Common Sense Branding: a simple approach to making your branding more human
Branding may be the most overused word in marketing. We consultants especially like to dangle the word like it is an elusive, hard to obtain concept.
Your brand is your reputation
David Bohan, Chairman of successful Nashville-based BOHAN Advertising & Marketing used to say, “branding is what people say about you when no one is around.” He’s correct. Branding is a lot like what we learned in high school. It’s our reputation and what others are saying about us. Of course, we can affect what others are saying.
You are what you say you are
My grandmother used to tell me that whatever came out of my mouth would effect how people perceived me. She was right. If your voice is corporate and lacks personality, don’t be surprised if customers see you as stodgy and a little sterile. If you are personal and fun with your voice, those characteristics will filter into your brand personality.
You are what others say you are
If you believe in this concept then you’ll invest more time listening to your customers (and perhaps non-customers). You’ll also purposefully do things that give people a reason to talk about you. Great advertising has been a social media concept for years – long before modern social media. Of course the key has always been you had to first give people a reason to share your idea or product. An easy method I use to guide this concept is WWBRD. What would Bonnie Raitt do? The answer is simple (if you know her most famous song). She’d give them something to talk about. So purposefully give your customers something to talk about. This requires knowing them and being relevant to something they care about that can relate back to your product. That’s easy. Right?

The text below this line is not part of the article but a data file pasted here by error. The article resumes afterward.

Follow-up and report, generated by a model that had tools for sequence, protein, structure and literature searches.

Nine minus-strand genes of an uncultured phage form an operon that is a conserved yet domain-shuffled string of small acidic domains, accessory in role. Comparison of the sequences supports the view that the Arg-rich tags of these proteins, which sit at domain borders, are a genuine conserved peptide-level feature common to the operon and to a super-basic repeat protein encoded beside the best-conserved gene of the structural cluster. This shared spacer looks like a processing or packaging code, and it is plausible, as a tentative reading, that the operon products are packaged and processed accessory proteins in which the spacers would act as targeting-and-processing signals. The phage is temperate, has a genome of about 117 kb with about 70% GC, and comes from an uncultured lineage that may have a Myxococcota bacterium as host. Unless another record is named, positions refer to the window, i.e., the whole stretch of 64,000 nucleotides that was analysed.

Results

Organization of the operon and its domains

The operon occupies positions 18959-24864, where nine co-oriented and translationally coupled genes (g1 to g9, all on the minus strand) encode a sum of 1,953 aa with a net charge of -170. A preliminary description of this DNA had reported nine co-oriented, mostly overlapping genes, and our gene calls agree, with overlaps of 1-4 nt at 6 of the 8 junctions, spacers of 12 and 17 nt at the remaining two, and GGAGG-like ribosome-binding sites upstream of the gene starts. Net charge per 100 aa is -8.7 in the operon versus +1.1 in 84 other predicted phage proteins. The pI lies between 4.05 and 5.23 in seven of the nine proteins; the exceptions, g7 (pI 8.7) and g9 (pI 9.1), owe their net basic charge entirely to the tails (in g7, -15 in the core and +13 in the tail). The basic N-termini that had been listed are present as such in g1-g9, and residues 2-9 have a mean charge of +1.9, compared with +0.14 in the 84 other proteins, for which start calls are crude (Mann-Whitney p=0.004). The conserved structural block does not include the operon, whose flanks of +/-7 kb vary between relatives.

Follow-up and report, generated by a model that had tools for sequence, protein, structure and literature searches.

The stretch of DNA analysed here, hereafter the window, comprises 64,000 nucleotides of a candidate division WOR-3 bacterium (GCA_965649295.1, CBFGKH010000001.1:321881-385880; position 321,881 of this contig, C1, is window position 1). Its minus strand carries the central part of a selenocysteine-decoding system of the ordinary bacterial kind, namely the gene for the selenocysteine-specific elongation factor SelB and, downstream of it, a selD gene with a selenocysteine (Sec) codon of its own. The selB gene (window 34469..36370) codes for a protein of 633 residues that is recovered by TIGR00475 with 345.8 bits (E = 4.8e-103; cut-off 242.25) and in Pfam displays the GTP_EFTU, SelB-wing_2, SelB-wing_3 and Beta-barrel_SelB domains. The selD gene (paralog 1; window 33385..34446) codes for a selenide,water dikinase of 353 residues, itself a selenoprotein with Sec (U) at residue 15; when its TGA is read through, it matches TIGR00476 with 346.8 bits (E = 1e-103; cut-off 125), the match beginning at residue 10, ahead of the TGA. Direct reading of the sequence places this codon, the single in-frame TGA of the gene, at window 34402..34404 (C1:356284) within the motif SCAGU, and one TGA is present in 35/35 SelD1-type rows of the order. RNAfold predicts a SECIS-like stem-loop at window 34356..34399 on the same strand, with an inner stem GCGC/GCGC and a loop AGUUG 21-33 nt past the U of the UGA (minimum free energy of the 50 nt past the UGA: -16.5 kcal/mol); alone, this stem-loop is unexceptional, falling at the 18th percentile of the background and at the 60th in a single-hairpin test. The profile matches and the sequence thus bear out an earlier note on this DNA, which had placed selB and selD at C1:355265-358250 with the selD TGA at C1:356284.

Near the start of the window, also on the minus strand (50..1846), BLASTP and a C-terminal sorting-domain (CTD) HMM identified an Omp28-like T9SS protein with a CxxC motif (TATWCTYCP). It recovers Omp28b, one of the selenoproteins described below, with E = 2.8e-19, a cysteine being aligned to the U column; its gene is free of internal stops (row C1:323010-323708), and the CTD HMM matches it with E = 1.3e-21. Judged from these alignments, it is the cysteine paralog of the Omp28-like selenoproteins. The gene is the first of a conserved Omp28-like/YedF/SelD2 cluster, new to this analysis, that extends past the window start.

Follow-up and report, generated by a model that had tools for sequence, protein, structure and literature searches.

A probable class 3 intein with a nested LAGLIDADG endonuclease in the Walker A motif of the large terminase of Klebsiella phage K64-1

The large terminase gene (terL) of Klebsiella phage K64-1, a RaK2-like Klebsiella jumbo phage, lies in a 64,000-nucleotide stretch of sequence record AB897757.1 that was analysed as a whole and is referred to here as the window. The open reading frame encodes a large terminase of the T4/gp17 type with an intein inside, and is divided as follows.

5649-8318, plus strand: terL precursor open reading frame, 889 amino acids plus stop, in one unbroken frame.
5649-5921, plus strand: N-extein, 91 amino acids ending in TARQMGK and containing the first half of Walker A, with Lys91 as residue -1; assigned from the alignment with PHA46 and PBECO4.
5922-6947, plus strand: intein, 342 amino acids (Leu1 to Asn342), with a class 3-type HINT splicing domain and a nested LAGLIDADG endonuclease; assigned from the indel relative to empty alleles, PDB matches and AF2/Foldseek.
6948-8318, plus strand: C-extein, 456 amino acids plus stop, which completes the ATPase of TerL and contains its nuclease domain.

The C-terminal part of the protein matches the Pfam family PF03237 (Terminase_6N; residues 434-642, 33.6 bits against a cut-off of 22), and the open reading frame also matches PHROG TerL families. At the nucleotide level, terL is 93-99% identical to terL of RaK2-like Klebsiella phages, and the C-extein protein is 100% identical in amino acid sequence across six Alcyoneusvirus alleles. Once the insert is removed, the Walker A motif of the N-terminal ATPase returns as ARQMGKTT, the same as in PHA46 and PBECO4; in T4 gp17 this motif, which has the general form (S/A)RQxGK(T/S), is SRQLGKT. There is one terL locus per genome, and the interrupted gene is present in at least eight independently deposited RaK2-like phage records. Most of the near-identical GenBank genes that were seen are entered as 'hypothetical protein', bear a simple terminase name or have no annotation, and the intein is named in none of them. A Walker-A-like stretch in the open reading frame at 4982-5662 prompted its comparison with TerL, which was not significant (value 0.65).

Use your senses
Branding is all about being memorable and distinct. Use the five sense you learned in grade school. If you can apply your product’s branding to reach customers in these areas you will have a greater chance at being memorable.
Sight. Of course the more visually interesting you can be the better. But beware, this is the most used branding element. It is the most cluttered and the most difficult to cut through.
Touch. The ergonomics of a product can make it more memorable. That’s why Moo business cards have become big hits lately.
Sound. Audio branding should not be overlooked. McDonald’s and Intel have done a great job at creating a distinct sound always associated with their products.
Taste. Sure taste is easy if you’re selling food. You’d be surprised how a great photo of food can conjure up the senses of taste.
Smell. A Harvard study determined that smell is the most difficult sense to bring into branding, but it also creates a bigger impact than all the other sense combined.
That should do it. Let’s keep branding simple by keeping it human and personal. People have always preferred to do business with others when they have a relationship. If we focus on the individual relationship I think our brands can be strong.
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